Epulis of Pregnancy

Author Information
Ranjana Desai*, Nalini Jangid**, Rashmi Sharma***, Kiran Mirdha****
(*Professor,  **3rd year P.G. Resident, Department of Obstetrics and Gynaecology; ***Assistant Professor, Department of Pathology; ****Medical Officer, Department of Obstetrics and Gynaecology; Dr. Sampoornanand Medical College, Jodhpur)


Epulis of pregnancy is a benign growth of the gingiva with a rare occurrence during pregnancy. This is a report of a case of epulis during pregnancy which showed spontaneous regression after delivery.


Epulis fissuratum or Granuloma fissuratum is an oral pathologic hyperplastic condition that appears in the mouth as an overgrowth of fibrous connective tissue mainly from gingivial tissues.[1] When it is associated with the edges of an ill fitting denture it is referred to as Inflammatory fibrous hyperplasia, Denture epulis or Denture induced fibrous hyperplasia. Epulis in a patient without dentures can also be diagnostic of Crohn's disease.[2]
Its occurrence in a pregnant woman is termed Epulis of Pregnancy or Granuloma gravidarum. Since it is rare during pregnancy and because its prevalence in pregnancy has not been well documented, the present case merits attention.

Case Report

A 24 year old third gravida with two full term normal deliveries presented to our antenatal clinic with amenorrhea of 7 months duration. While taking her history it was noted that she had an irregular fleshy growth over her teeth. On everting her upper lip and examining the gums of the upper jaw, a 2 centimeters long irregular fleshy mass was detected arising from the gums and growing over and between her incisor teeth (figure 1). On examining the oral cavity the lesion extended 3 centimeters posteriorly on the soft palate (figure 2). The lesion was firm to touch, non-tender. History revealed that the growth had slowly evolved from a small size to the present one over a period of 2 months. The lesion was asymptomatic and the patient refused a biopsy. A clinical diagnosis of epulis of pregnancy was made. No surgical intervention was advised and only oral hygiene in the form of mouth wash with a commercially available over-the-counter  mouth wash consisting of an aqueous solution containing bezoic acid, poloxamer 407, eucalyptol, thymol, sodium benzoate, and menthol mixed in alcohol twice a day and regular brushing of teeth twice daily was recommended. One month after delivery the mass had spontaneously regressed to half its size. And two months after delivery the lesion was one fourth its former size. After this the patient was lost to follow up.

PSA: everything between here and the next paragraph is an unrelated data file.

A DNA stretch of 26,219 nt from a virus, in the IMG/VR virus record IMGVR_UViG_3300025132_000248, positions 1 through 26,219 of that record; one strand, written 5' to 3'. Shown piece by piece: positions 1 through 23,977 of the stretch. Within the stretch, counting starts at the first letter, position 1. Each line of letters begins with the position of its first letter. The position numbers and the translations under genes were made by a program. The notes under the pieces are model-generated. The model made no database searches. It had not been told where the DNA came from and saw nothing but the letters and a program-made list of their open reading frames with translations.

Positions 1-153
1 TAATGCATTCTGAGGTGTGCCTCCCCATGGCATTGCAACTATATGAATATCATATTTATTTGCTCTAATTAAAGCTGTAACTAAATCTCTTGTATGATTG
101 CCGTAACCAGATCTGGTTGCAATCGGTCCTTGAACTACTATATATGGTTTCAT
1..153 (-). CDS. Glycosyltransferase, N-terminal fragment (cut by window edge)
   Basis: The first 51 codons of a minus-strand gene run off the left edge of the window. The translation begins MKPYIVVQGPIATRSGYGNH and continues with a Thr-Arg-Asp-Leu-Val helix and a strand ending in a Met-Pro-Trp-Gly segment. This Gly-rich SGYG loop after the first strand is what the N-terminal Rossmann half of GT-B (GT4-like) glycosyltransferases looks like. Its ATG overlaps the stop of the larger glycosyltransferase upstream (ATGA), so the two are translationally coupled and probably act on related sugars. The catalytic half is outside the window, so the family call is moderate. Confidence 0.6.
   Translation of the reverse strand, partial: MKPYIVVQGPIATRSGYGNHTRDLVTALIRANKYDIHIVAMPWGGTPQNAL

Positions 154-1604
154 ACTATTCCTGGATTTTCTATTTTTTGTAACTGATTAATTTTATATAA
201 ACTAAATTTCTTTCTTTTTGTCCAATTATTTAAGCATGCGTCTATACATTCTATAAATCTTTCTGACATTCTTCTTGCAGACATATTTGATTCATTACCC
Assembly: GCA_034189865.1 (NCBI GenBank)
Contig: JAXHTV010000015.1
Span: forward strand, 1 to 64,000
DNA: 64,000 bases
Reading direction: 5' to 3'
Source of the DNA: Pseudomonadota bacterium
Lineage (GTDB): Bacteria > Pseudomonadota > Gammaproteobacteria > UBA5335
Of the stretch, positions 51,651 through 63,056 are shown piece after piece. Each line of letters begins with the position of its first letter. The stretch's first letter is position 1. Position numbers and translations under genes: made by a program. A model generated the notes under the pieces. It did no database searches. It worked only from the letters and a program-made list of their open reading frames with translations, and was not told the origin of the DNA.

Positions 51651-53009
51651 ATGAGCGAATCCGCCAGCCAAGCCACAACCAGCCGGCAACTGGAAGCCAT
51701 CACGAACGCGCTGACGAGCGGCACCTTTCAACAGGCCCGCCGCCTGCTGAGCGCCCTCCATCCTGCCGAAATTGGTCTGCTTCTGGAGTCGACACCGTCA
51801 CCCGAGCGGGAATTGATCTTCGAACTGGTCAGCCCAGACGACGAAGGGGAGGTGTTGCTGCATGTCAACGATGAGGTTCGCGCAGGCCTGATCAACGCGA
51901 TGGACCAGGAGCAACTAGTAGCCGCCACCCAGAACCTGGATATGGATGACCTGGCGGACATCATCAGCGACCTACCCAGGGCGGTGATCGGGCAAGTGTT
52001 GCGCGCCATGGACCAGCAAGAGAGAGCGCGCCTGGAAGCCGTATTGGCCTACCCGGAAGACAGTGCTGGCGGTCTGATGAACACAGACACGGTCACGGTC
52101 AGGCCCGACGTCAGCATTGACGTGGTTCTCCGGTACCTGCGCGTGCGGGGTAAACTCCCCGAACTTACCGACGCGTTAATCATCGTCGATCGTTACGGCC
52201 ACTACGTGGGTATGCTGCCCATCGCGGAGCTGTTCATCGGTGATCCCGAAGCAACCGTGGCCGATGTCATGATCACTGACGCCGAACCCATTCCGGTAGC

Figure 1 : Anterior view of the epulis. Note the irregular fleshy growth emerging from between the incisors.

Figure 2 : Buccal view of the epulis. Note the dumbbell shape of the tumor displacing the incisors.


Epulis of pregnancy (synonyms: pregnancy tumor, granulaoma gravidarum, pyogenic Granuloma) is described as a gingival lesion that looks like a small, dome shaped hemangioma, often with a peripheral collarette of scales. The excess tissue is firm and fibrous; ulcerations may be present. It is usually pedunculated but may be sessile. It appears in gums around the alveolar vestibule, in either the mandible or maxilla (upper jaw) but is more commonly found in the frontal part of the maxilla during the third trimester. Often it has been referred to as pyogenic granulaoma in medical literature but the term is a misnomer, for this is not an infectious or pustular process.

The lesion is usually asymptomatic but appears cosmetically unsightly. It may interfere with mastication, closure of the oral cavity, brushing or flossing. The teeth adjacent to the epulis may loosen due to the pressure effect or may show migration.[3] Sometimes there may be recurrent bleeding from the lesion resulting in life threatening hemorrhage requiring blood transfusion.[4]
Etiologic factors responsible for epulis of pregnancy are improper maintenance of oral hygiene which leads to chronic gingivitis and the influence of hormones by a complex and partly understood mechanism on the gingival vasculature.[5,6]
Epulis has several histologic types. Granulomatous type is the prevalent type during pregnancy. It presents an inflammatory component characterized by lymphocytes, plasma cells and neutrophiles, an abundant vascular component with newly formed capillaries and a great proliferation of fibroblasts.[7]
The lesion usually resolves partially or completely post partum within 1 to 4 months[3] as it did in this case reported. Persistent lesion requires treatment by firstly removal of irritating factors and secondly surgical excision of the lesion, curettage, chemical or electric cauterization, cryo therapy or laser ablation.[5]


1.      Niville BW, Damm DD, Allen CM, Bouqout JE. Oral and maxillofacial Pathology, 2nd edition, Philadelphia,  W B saunders, 2002,  437- 495.
2.      Budtz-Jorgensen E. Oral mucosal lesions associated with wearing of removable dentures. J oral pathol 1981;10:65-80.
3.      Orosz M, Szende B, Gábris K. The clinical and pathological symptoms of pregnancy epulis. Fogorv Sz. 2007 Oct; 100(5):237-41, 233-6.
4.      Adeyemo WL, Ladeinde AL, Ajayi OF, Umeizudike K, et al. Pregnancy epulis associated with life threatening haemorrhage in a Nigerian woman. Nig Q J Hosp Med. 2010 Jan-Mar; 20(1):10-2.
5.      Saravanum T, Shakila KR, Shanthini K. Pregnancy Epulis, Ind  J of Multidiscp Dentistry. 2012;2(3):514-17.
6.      Rabinerson D, Kaplan B, Dicker D, Dekel A.  Epulis during pregnancy. Harefuah. 2002 Sep; 141(9):824-6.
7.      Tumini V, Di Placido G, D'Archivio D, et al.  Hyperplastic gingival lesions in pregnancy. I. Epidemiology, pathology and clinical aspects. Minerva Stomatol. 1998 Apr; 47(4):159-67.


Desai R, Jangid N, Sharma R, Mirdha K. Epulis of Pregnancy. JPGO Volume 1 Issue 3, March 2014, available at:  http://www.jpgo.org/2014/03/epulis-of-pregnancy.html